The Feast of Mercy is celebrated on the first Sunday after Easter, which is the second Sunday of Easter, which is currently known as Divine Mercy Sunday.
The inspiration that led to the institution of this feast in the Church came from the desire that Jesus had communicated to Sister Faustina. Jesus said to him: I wish that the first Sunday after Easter is the Feast of Mercy (Diary 299).
I wish that the Feast of Mercy be a refuge and shelter for all souls and especially for poor sinners. That day the bowels of My mercy are open. I pour out a whole sea of graces on the souls that approach the spring of My mercy.
The soul that confesses and receives Holy Communion will obtain full forgiveness of guilt and punishment. On that day all the divine floodgates through which graces flow are open (Diary 699).
In various appearances, the Lord revealed not only when the feast was to be celebrated in the Church’s liturgical calendar, but also the motive and purpose of her institution, how to prepare the feast, how it should be celebrated, and she also spoke of the. big promises associated with the party.
The greatest of these is the grace “of full forgiveness of guilt and sorrow” related to Holy Communion received on this day after a good confession (without attachment to the slightest sin), and lived in the spirit of the devotion to Divine Mercy; In other words, it is about having an attitude of trust towards God and actively exercising love of neighbor.
This grace, as Father Professor Ignacio Różycki explains, is greater than plenary indulgence. It consists only of the forgiveness of temporal penalties due to the sins committed, but it is never about the forgiveness of the guilt itself.
This particular grace is also greater than the six sacraments, except the sacrament of Holy Baptism; This is so because the forgiveness of all guilt and sorrow is only a sacramental grace reserved for the sacrament of Baptism.
On the other hand, in the promises of Jesus linked to the Feast, the Lord associated the forgiveness of guilt and sorrow with the Holy Communion received on the feast day, that is, to the fact of receiving Communion on the Feast of Mercy; With this, Jesus elevated the Holy Communion received on this day to the rank of a “second baptism”.
In order to properly prepare for the Feast of Mercy, a novena must be made, praying the Chaplet the 9 days preceding the Feast, starting on Good Friday.
Jesus said to Sister Faustina: My daughter, say that this Feast has sprung from the bowels of My mercy for the comfort of the whole world (Diary 1517).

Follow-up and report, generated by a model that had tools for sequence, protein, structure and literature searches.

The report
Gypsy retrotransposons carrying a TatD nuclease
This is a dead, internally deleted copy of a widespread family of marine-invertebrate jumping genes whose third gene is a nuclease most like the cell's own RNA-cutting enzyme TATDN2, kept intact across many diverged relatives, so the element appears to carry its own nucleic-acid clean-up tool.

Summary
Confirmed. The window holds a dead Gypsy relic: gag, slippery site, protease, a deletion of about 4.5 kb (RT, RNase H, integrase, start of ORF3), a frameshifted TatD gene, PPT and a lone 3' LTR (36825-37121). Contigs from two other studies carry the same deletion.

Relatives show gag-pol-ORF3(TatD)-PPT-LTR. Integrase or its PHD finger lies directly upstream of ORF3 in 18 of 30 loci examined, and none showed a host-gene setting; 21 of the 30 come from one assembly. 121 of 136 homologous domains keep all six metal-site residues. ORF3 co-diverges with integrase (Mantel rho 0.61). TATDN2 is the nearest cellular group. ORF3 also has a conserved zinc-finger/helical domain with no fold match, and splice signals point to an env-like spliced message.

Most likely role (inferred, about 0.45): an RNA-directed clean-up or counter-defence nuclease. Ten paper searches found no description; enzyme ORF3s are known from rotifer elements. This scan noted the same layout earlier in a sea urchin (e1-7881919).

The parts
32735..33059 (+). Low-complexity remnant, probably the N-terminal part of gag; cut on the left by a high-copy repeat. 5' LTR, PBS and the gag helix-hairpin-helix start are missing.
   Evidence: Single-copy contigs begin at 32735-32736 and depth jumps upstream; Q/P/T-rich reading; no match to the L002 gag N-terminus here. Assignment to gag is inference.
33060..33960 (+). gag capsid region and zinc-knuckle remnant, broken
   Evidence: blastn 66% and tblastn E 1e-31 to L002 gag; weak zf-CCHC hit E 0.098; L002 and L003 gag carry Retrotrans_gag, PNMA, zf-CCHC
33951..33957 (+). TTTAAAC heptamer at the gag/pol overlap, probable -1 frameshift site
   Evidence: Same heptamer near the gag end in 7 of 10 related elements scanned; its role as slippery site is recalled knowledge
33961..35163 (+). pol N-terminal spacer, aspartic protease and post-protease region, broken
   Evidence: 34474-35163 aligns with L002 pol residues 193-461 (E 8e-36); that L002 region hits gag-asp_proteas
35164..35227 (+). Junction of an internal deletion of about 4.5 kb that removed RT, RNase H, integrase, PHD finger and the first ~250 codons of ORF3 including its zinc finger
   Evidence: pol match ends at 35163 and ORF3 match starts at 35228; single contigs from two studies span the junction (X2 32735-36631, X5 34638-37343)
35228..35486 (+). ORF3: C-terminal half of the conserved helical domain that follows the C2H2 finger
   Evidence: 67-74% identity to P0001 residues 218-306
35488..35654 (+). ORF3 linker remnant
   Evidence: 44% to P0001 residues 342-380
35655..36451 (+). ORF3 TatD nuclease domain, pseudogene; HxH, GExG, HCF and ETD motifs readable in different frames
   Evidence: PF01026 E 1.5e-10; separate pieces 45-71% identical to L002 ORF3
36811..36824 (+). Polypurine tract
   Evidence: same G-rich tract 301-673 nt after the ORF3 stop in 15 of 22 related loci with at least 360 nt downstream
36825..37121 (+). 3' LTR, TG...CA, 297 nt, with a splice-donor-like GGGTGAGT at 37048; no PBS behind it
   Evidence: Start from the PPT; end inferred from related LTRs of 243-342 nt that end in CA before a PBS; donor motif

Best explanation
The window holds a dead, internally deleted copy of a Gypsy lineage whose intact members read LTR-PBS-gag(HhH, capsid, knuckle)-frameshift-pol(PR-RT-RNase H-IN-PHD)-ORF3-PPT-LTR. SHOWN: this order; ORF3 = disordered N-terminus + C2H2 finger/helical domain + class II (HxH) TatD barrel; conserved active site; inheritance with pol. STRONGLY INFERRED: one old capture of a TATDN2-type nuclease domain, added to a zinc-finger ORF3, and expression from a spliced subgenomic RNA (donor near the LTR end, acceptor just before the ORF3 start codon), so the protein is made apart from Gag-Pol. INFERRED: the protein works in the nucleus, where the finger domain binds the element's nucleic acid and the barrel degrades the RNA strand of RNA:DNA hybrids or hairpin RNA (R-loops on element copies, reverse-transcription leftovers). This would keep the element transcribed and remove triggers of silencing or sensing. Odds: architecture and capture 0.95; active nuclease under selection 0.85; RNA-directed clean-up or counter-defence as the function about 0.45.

Saint John Paul II and the Feast of Mercy
On May 23, 2000, the Congregation for Divine Worship and the Discipline of the Sacraments published a decree establishing, by indication of John Paul II, the feast of Divine Mercy, which will take place on the second Sunday of Easter. The official name of this liturgical day will be “Second Sunday of Easter or of Divine Mercy.”
The Pope had already announced it during the canonization of Sister Faustina Kowalska, on April 30: “Throughout the world, the second Sunday of Easter will be called Sunday of Divine Mercy. A perennial invitation for the Christian world to confront, with confidence in divine benevolence, the difficulties and trials that await the human race in the years to come ».
However, the Pope had not written these words, so they did not appear in the official transcription of his speeches of that canonization.
Saint Faustina, who is known as the messenger of Divine Mercy, received mystical revelations in which Jesus showed her heart, the source of mercy, and expressed her desire that this feast be established. The Pope dedicated one of her encyclicals to Divine Mercy (“Dives in misericordia”).
It also enriched the party by granting a plenary indulgence for that event.
Requirements to win the plenary indulgence of the Feast of Mercy
Apart from the usual requirements, that of confession, communion, praying for the Holy Father’s intentions and not having any attachment to sin, not even venial is:
Plenary indulgence is granted,
the faithful who participate in acts of piety performed in honor of Divine Mercy.
“Or at least pray, in the presence of the Blessed Sacrament of the Eucharist, publicly exposed or preserved in the Tabernacle, the Lord’s Prayer and the Creed, adding a pious invocation to the merciful Lord Jesus (for example, ‘Merciful Jesus, I trust you’) ”, Says the text of the decree.
Likewise, partial indulgence is granted “to the faithful who, at least with a contrite heart, raise to the merciful Lord Jesus one of the legitimately approved pious invocations.”
Also the sick and the people who assist them, the navigators, those affected by war, political vicissitudes or inclement places “and all those who for just cause cannot leave their home or carry out an activity that cannot be postponed for the benefit of the community, they will be able to obtain the plenary indulgence ”.
This as long as, with total rejection of any sin and with the intention of fulfilling, as soon as possible, the three habitual conditions pray “in front of a pious image of our merciful Lord Jesus, the Our Father and the Creed, adding a pious invocation the merciful Lord Jesus. “
Likewise, if even the aforementioned could not be done, the plenary indulgence can be obtained “those who join with intention those who carry out in the ordinary way the work prescribed for the indulgence and offer merciful God a prayer and sufferings at the same time of his illness and the inconvenience of his life, also having the purpose of fulfilling, as soon as possible, the three prescribed conditions to gain the plenary indulgence ”.